- TWI 1: 20 (SDA) and 21 (SCL)
- TWI 2: SDA1 and SCL1.
Analog Inputs: pins from A0 to A11 - The Due has 12 analog inputs, each of which can provide 12 bits of resolution (i.e. 4096 different values). By default, the resolution of the readings is set at 10 bits, for compatibility with other Arduino boards. It is possible to change the resolution of the ADC with analogReadResolution(). The Due’s analog inputs pins measure from ground to a maximum value of 3.3V. Applying more then 3.3V on the Due’s pins will damage the SAM3X chip. The analogReference() function is ignored on the Due.The AREF pin is connected to the SAM3X analog reference pin through a resistor bridge. To use the AREF pin, resistorBR1 must be desoldered from the PCB.
DAC1 and DAC2 - These pins provides true analog outputs with 12-bits resolution (4096 levels) with the analogWrite() function. These pins can be used to create an audio output using the Audio library.
AREF - Reference voltage for the analog inputs.
Reset - Bring this line LOW to reset the microcontroller. Typically used to add a reset button to shields which block the one on the board.
The Arduino Due can be powered via the USB connector by an external power supply with the power source being selected automatically. External (non-USB) power can come either from an AC-to-DC adapter or battery. The adapter can be connected by plugging a 2.1mm barrel jack into the board's power jack. In addition, leads from a battery can also be inserted in the Gnd and Vin pin headers of the POWER connector to provide power in the event the power source is missing a barrel jack. The board can operate on an external supply of 6 to 20 volts. A voltage of less than 5v on the 5v pin may be noticed if supplied with less than 7v. If using more than 12V, the voltage regulator may overheat and damage the board. The recommended range is 7 to 12 volts.The power pins are as follows:
- VIN. This is the input voltage to the Arduino board when it's using an external power source (as opposed to 5 volts from the USB connection or other regulated power source). You can supply voltage through this pin, or if supplying voltage via the power jack, access it through this pin.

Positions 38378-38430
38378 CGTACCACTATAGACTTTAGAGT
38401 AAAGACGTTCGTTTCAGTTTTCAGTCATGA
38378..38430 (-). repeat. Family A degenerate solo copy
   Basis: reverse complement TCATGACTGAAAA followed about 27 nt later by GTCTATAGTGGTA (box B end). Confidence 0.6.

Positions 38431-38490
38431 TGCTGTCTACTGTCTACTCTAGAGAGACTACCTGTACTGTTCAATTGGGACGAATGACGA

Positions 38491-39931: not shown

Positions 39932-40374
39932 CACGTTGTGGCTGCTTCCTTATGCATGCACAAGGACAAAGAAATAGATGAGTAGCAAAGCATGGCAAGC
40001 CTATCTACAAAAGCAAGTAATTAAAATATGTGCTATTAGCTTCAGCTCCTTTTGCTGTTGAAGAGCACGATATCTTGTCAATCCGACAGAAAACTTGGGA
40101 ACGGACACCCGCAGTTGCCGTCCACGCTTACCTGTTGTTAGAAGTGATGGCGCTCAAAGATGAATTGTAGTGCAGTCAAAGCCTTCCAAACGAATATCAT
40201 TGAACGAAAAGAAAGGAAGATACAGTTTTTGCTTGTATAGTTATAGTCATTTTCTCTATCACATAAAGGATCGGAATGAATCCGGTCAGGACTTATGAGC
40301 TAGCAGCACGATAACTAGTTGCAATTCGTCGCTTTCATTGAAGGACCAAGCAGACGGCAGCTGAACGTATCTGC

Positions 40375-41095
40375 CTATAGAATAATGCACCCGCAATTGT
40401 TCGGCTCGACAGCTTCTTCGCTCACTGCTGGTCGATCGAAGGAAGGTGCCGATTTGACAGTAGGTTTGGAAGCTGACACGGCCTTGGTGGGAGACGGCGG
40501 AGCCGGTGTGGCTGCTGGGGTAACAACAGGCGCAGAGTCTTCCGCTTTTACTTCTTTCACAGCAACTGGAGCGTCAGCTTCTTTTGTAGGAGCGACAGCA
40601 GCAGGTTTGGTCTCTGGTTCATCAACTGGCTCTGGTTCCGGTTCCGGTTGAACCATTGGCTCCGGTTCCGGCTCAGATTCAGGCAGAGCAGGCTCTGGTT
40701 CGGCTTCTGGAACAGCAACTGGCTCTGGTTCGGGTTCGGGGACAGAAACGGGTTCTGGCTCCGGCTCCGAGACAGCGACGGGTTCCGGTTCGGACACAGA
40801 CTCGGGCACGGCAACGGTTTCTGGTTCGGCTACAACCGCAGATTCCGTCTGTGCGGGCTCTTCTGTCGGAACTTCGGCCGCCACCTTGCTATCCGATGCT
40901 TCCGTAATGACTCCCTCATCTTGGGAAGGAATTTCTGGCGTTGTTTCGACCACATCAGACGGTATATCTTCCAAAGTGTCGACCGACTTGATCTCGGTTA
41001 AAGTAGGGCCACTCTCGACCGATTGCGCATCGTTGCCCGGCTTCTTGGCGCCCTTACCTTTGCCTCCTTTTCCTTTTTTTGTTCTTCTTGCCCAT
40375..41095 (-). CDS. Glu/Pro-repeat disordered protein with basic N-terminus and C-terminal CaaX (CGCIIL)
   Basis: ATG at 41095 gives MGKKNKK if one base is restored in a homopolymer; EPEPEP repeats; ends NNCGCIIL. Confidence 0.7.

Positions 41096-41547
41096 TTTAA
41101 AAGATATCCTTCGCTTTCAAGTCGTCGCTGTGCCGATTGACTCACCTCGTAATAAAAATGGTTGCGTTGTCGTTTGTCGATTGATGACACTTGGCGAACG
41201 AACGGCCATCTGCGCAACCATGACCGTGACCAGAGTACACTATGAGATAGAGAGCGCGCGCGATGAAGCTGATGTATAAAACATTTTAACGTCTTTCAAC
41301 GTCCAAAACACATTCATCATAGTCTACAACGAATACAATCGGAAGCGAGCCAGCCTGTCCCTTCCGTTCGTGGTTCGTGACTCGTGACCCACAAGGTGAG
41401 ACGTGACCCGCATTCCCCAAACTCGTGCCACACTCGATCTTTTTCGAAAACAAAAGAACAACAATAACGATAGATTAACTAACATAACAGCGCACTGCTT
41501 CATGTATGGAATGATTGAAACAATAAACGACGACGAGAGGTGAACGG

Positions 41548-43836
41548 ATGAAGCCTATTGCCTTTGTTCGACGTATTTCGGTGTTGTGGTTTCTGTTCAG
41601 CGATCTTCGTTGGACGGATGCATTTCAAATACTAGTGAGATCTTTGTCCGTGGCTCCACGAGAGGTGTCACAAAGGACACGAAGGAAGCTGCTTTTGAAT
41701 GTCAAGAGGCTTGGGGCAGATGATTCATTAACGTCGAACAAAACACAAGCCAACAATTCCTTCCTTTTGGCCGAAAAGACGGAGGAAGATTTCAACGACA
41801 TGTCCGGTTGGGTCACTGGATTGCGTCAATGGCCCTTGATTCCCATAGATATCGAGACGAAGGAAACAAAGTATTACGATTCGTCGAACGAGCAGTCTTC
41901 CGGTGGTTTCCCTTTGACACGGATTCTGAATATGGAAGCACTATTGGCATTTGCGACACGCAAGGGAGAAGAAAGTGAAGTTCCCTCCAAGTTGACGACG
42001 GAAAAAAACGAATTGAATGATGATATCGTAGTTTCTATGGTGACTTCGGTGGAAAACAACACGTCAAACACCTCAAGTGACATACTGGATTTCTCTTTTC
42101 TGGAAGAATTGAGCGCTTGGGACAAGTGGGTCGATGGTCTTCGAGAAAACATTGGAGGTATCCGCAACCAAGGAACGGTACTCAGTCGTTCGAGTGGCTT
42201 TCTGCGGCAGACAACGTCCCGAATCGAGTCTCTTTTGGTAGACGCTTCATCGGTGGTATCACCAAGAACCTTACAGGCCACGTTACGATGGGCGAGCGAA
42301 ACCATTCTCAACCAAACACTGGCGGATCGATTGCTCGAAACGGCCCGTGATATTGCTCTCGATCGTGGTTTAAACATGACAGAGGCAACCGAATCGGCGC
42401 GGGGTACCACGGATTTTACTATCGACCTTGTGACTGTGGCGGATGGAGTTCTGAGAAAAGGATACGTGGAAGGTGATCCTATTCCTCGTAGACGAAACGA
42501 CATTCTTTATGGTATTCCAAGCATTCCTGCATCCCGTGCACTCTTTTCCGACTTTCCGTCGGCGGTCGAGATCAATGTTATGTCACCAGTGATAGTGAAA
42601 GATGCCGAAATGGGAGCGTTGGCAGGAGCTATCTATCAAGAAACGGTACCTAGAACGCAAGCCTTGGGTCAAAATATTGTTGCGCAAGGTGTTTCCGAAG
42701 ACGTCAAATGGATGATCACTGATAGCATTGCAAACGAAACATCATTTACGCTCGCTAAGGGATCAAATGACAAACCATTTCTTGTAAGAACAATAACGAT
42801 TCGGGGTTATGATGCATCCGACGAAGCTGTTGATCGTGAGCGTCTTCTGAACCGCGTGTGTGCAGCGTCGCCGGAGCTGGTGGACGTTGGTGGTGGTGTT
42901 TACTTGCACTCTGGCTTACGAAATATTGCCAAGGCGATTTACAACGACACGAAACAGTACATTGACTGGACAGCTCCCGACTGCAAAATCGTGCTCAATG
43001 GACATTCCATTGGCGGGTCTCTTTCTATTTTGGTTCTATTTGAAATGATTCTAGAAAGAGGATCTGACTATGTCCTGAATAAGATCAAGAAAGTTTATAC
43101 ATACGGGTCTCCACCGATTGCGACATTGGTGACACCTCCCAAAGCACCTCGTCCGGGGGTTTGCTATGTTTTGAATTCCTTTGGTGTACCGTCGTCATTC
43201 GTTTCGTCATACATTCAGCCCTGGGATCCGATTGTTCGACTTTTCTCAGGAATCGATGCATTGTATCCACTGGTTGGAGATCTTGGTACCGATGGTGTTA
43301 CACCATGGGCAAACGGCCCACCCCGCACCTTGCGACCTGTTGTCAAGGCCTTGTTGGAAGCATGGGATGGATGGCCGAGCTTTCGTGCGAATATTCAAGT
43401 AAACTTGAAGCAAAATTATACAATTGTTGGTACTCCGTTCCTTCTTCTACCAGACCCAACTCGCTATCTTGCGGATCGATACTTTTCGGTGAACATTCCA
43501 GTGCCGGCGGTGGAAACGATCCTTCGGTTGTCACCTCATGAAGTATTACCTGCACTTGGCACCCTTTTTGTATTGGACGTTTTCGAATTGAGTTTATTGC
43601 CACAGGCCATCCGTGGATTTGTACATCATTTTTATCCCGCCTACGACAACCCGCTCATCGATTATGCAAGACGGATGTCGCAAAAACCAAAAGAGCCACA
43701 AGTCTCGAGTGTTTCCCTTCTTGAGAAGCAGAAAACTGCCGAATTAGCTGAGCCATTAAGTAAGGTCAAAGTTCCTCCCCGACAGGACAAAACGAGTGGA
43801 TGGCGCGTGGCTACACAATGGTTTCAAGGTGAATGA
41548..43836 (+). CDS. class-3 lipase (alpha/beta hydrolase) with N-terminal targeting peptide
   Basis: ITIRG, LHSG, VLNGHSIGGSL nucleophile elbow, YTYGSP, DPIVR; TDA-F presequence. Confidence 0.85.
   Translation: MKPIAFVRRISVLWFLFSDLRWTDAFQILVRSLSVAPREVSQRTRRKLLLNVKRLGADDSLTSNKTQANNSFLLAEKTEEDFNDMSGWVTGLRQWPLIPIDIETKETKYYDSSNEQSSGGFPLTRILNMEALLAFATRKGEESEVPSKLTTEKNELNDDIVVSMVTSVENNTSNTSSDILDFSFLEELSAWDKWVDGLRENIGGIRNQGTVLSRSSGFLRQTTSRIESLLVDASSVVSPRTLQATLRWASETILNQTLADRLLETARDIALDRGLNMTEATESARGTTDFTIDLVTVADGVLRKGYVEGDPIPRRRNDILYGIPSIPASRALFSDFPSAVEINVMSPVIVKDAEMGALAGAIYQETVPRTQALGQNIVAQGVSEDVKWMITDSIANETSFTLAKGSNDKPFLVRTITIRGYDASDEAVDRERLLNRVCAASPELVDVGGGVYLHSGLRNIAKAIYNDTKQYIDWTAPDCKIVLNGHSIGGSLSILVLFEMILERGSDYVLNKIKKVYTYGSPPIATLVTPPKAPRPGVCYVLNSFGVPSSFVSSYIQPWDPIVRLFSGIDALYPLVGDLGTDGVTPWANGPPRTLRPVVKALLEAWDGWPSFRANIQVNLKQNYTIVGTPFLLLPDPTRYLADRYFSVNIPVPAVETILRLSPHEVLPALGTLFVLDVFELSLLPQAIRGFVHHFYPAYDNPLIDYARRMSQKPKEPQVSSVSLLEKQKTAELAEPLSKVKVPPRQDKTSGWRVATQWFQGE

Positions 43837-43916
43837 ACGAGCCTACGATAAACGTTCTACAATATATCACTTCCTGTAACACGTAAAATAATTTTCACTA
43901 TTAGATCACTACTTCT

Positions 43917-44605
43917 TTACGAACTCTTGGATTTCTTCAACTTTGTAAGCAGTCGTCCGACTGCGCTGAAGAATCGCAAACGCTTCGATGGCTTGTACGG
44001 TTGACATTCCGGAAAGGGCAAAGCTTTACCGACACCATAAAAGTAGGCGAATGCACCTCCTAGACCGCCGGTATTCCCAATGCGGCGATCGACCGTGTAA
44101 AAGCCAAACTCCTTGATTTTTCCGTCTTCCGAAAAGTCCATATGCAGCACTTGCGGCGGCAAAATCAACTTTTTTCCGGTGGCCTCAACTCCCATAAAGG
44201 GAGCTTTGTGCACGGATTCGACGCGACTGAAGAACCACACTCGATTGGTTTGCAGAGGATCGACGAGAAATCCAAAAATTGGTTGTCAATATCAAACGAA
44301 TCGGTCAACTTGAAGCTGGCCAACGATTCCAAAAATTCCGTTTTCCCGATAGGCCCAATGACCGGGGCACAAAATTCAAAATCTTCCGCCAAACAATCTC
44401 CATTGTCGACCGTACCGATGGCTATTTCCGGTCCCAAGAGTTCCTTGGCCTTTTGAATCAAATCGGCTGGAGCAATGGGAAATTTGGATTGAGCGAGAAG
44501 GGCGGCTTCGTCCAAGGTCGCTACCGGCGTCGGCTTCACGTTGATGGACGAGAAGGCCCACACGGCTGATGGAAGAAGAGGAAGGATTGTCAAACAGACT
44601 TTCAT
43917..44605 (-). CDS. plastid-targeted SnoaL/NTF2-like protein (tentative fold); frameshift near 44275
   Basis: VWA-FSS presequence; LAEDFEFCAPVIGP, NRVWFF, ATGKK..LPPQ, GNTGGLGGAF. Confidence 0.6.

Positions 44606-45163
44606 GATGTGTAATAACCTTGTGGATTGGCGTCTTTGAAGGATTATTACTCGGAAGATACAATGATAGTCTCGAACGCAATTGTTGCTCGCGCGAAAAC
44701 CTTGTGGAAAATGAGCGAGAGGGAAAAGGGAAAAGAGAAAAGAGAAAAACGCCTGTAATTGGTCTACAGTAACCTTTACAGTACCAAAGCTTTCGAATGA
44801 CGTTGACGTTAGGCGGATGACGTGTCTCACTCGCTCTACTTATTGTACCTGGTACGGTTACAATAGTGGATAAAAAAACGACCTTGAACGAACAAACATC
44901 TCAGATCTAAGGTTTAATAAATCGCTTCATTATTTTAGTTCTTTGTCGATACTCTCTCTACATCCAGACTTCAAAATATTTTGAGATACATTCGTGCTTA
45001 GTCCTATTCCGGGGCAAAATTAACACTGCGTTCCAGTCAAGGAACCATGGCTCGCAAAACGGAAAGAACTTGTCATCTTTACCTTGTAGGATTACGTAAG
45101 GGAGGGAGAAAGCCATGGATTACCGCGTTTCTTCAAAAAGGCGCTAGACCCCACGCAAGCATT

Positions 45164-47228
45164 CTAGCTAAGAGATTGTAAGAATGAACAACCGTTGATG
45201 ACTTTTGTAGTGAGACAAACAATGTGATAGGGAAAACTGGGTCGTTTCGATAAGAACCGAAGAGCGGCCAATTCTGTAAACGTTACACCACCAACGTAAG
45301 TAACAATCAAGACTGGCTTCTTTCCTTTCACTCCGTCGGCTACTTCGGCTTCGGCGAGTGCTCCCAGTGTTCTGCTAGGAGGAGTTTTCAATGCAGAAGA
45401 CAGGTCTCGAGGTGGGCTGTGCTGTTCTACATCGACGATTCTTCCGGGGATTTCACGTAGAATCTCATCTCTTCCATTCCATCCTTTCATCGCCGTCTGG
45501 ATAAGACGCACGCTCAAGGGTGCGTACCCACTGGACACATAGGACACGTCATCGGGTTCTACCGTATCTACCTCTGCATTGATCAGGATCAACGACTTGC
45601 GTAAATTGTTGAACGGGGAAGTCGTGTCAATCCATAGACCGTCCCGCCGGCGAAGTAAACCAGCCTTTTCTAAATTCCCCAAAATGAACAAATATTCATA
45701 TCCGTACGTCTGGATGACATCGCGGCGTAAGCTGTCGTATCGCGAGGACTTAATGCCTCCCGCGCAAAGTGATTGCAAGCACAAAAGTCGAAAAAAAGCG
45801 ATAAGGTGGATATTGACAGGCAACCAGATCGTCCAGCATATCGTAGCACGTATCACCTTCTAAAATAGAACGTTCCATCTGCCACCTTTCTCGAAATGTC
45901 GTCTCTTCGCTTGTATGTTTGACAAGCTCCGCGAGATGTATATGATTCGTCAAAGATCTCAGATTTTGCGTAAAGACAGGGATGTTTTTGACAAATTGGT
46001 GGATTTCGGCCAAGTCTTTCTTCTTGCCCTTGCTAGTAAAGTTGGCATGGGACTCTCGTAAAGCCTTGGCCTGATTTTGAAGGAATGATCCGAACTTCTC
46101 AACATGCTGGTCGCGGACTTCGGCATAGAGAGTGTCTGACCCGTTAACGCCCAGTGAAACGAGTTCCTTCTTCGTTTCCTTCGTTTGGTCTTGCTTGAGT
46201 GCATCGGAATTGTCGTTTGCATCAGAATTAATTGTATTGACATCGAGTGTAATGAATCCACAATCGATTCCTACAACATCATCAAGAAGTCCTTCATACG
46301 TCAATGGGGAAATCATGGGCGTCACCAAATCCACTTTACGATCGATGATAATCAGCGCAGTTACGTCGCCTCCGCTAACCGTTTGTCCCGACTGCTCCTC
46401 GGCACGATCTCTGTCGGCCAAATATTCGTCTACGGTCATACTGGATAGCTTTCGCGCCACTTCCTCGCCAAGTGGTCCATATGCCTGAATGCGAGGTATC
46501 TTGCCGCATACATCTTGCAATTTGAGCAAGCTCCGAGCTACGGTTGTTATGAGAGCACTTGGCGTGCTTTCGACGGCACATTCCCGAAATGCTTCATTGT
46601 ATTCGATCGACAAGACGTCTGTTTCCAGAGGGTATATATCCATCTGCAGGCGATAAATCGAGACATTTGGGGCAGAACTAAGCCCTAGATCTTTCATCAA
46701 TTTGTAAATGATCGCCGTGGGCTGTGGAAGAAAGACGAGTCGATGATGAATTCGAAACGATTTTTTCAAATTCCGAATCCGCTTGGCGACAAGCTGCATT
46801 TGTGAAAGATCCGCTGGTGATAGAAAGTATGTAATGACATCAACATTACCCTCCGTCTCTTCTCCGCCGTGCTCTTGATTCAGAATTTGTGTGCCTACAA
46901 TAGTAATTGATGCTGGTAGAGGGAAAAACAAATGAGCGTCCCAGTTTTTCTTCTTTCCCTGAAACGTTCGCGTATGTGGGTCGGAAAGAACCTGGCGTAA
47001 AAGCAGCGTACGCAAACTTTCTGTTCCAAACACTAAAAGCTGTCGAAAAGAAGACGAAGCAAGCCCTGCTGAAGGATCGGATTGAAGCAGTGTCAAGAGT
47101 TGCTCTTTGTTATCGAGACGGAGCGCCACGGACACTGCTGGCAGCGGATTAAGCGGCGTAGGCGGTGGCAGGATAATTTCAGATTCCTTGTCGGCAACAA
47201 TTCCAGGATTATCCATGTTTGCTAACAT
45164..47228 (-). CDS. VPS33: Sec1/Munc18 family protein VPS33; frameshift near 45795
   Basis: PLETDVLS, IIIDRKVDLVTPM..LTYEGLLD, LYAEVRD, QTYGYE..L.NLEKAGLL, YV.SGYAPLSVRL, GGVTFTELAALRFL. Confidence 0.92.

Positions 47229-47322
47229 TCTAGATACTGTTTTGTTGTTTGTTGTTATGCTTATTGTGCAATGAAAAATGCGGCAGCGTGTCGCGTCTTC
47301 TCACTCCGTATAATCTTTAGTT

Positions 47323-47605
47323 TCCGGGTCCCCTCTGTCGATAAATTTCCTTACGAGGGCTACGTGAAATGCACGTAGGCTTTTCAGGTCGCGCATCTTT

- 5V. This pin outputs a regulated 5V from the regulator on the board. The board can be supplied with power either from the DC power jack (7 - 12V), the USB connector (5V), or the VIN pin of the board (7-12V). Supplying voltage via the 5V or 3.3V pins bypasses the regulator, and can damage your board. We don't advise it.
- 3.3V. A 3.3 volt supply generated by the on-board regulator. Maximum current draw is 800 mA. This regulator also provides the power supply to the SAM3X microcontroller.
- GND. Ground pins.
- IOREF. This pin provides the voltage reference with which the microcontroller operates. A properly configured shield can read the IOREF pin voltage and select the appropriate power source or enable voltage translators on the outputs for working with the 5V or 3.3V.
The Arduino Due has a resettable polyfuse that protects your computer's USB ports from shorts and overcurrent. If more than 500 mA is applied to the USB port, the fuse will automatically break the connection until the short or overload is removed. The Arduino Due’s physical size is 4” x 2.1” with the USB and Power jacks extending beyond those dimensions. The Arduino Due is designed with compatibility of most official Arduino shields in mind. It is pin compatible with Uno, Diecimila or Duemilanove. Digital pins 0 to 13 (and the adjacent AREF and GND pins), analog inputs 0 to 5, the power header, and "ICSP" (SPI) headers. The main UART (serial port) is located on the same pins (0 and 1). However, I2C is not located on the same pins on the Due (20 and 21) as the Duemilanove / Diecimila (analog inputs 4 and 5. Programming
The Arduino Due can be programmed with the Arduino 1.5 and above software. Loading sketches to the SAM3X is different than the AVR microcontrollers found in other Arduino boards because the flash memory needs to be erased before being re-programmed. Upload to the chip is managed by ROM on the SAM3X, which is run only when the chip's flash memory is empty.Either of the USB ports can be used for programming the board, though it is recommended to use the Programming port due to the way the erasing of the chip is handled:
- Programming port: To use this port, select "Arduino Due (Programming Port)" as your board in the Arduino IDE. Connect the Due's programming port (the one closest to the DC power jack) to your computer. The programming port uses the 16U2 as a USB-to-serial chip connected to the first UART of the SAM3X (RX0 and TX0). The 16U2 has two pins connected to the Reset and Erase pins of the SAM3X. Opening and closing the Programming port connected at 1200bps triggers a “hard erase” procedure of the SAM3X chip, activating the Erase and Reset pins on the SAM3X before communicating with the UART. This is the recommended port for programming the Due. It is more reliable than the "soft erase" that occurs on the Native port, and it should work even if the main MCU has crashed.
- Native port: To use this port, select "Arduino Due (Native USB Port)" as your board in the Arduino IDE. The Native USB port is connected directly to the SAM3X. Connect the Due's Native USB port (the one closest to the reset button) to your computer. Opening and closing the Native port at 1200bps triggers a 'soft erase' procedure: the flash memory is erased and the board is restarted with the bootloader. If the MCU crashed for some reason it is likely that the soft erase procedure won't work as this procedure happens entirely in software on the SAM3X. Opening and closing the native port at a different baudrate will not reset the SAM3X.Unlike other Arduino boards which use avrdude for uploading, the Due relies on bossac.
(Some content in this post was copied from Arduino.cc)